'The Kennedys' review: What if they made a controversial miniseries and nobody watched it? | EW.com

TV | Ken Tucker's TV

'The Kennedys' review: What if they made a controversial miniseries and nobody watched it?

The Kennedys is destined to be a highly controversial, much-written-about TV event that almost no one besides people in the media and the relatives of the actors’ families will actually watch.

Which is just as well. An eight-part sneer that began with two hours on Sunday night, The Kennedys as a viewing experience was like watching someone hack away at a gigantic tree trunk with a Swiss Army knife. Cuts are inflicted upon the myth of Camelot and the legacy of John Kennedy and Robert Kennedy, as if that hasn’t been going on for decades.

There were some solid performances, especially by Greg Kinnear as JFK (he never slips into a Vaughn Meader-impersonation impersonation), Tom Wilkinson as pater familias Joe, Barry Pepper as RFK (his talent winning out over a prosthetic nose and an increase in toothiness), and I’ll lodge a small defense for Katie Holmes as Jacqueline Kennedy. Holmes has been dumped upon by many reviewers for being stiff and inexpressive, when actually Holmes is simply mimicking the tendency toward quiet reserve that Jackie presented to the world much of the time.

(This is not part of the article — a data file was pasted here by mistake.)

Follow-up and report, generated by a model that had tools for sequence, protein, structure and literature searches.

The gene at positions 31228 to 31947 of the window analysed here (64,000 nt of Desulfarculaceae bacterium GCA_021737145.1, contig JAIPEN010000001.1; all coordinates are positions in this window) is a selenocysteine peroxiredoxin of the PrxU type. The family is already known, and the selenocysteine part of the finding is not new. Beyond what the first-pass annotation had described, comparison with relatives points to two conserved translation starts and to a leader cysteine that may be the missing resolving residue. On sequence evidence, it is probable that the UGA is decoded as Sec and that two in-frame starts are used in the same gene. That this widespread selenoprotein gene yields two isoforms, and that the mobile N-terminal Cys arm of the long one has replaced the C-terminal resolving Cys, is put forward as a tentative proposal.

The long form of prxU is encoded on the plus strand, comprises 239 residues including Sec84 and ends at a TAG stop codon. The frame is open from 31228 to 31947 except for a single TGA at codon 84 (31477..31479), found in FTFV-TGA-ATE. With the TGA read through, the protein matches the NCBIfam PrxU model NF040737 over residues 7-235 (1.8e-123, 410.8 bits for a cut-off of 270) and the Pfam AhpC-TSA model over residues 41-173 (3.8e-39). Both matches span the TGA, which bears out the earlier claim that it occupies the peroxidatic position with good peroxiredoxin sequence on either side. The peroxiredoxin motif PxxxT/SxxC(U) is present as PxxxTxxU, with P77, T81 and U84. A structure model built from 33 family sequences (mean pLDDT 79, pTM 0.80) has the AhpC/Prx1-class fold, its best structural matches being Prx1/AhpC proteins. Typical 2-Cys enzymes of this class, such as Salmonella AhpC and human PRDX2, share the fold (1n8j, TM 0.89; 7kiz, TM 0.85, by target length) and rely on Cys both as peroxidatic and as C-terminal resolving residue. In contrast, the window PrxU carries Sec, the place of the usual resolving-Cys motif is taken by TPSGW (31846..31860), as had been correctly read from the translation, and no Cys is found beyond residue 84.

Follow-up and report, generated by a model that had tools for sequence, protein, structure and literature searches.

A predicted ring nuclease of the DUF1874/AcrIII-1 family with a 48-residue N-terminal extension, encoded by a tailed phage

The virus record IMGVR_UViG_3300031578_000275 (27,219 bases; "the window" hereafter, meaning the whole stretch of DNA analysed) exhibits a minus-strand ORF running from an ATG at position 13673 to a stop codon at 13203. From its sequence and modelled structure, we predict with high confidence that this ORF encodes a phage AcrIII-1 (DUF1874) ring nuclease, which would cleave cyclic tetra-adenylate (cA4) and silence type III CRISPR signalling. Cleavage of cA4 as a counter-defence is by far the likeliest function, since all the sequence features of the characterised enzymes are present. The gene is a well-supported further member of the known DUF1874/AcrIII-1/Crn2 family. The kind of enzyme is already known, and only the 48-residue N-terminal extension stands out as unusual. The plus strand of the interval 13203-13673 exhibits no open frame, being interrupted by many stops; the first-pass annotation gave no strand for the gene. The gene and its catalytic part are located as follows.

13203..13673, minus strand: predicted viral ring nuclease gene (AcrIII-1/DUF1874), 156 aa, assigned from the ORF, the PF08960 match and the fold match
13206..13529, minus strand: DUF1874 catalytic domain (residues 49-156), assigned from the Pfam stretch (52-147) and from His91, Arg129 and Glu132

The Kennedys renders every triumph joyless and literally painful. JFK suffered from acute back problems, and Jackie from depression, so the miniseries has them both taking needles in the rear from the family Dr. Feelgood. The idea is to put every Kennedy under an unflattering spotlight.

So much has been written about the miniseries and its own history – attacked by scholars and journalists who covered the Kennedys; TV writers questioning whether producer and proud-to-be-a-Hollywood-conservative Joel Surnow (24) could possibly be “fair” (as if good art needs to be fair – it just needs to be good); rejected by channel after channel – that you may feel as though you’d seen and heard enough about The Kennedys before it even aired. So in a sense, Surnow has already succeeded: He’s implanted in the popular consciousness a fresh distrust of the Kennedy legacy. Mission accomplished, as a president Surnow liked better once said.

Here’s a tip for future producers looking for a home for your work: Don’t go into business with a cable channel that has to send out e-mails to the media about where to find the channel in your city.

Did any of you watch The Kennedys? If so, what did you think, and will you keep watching when the third hour airs on Tuesday?

Twitter: @kentucker


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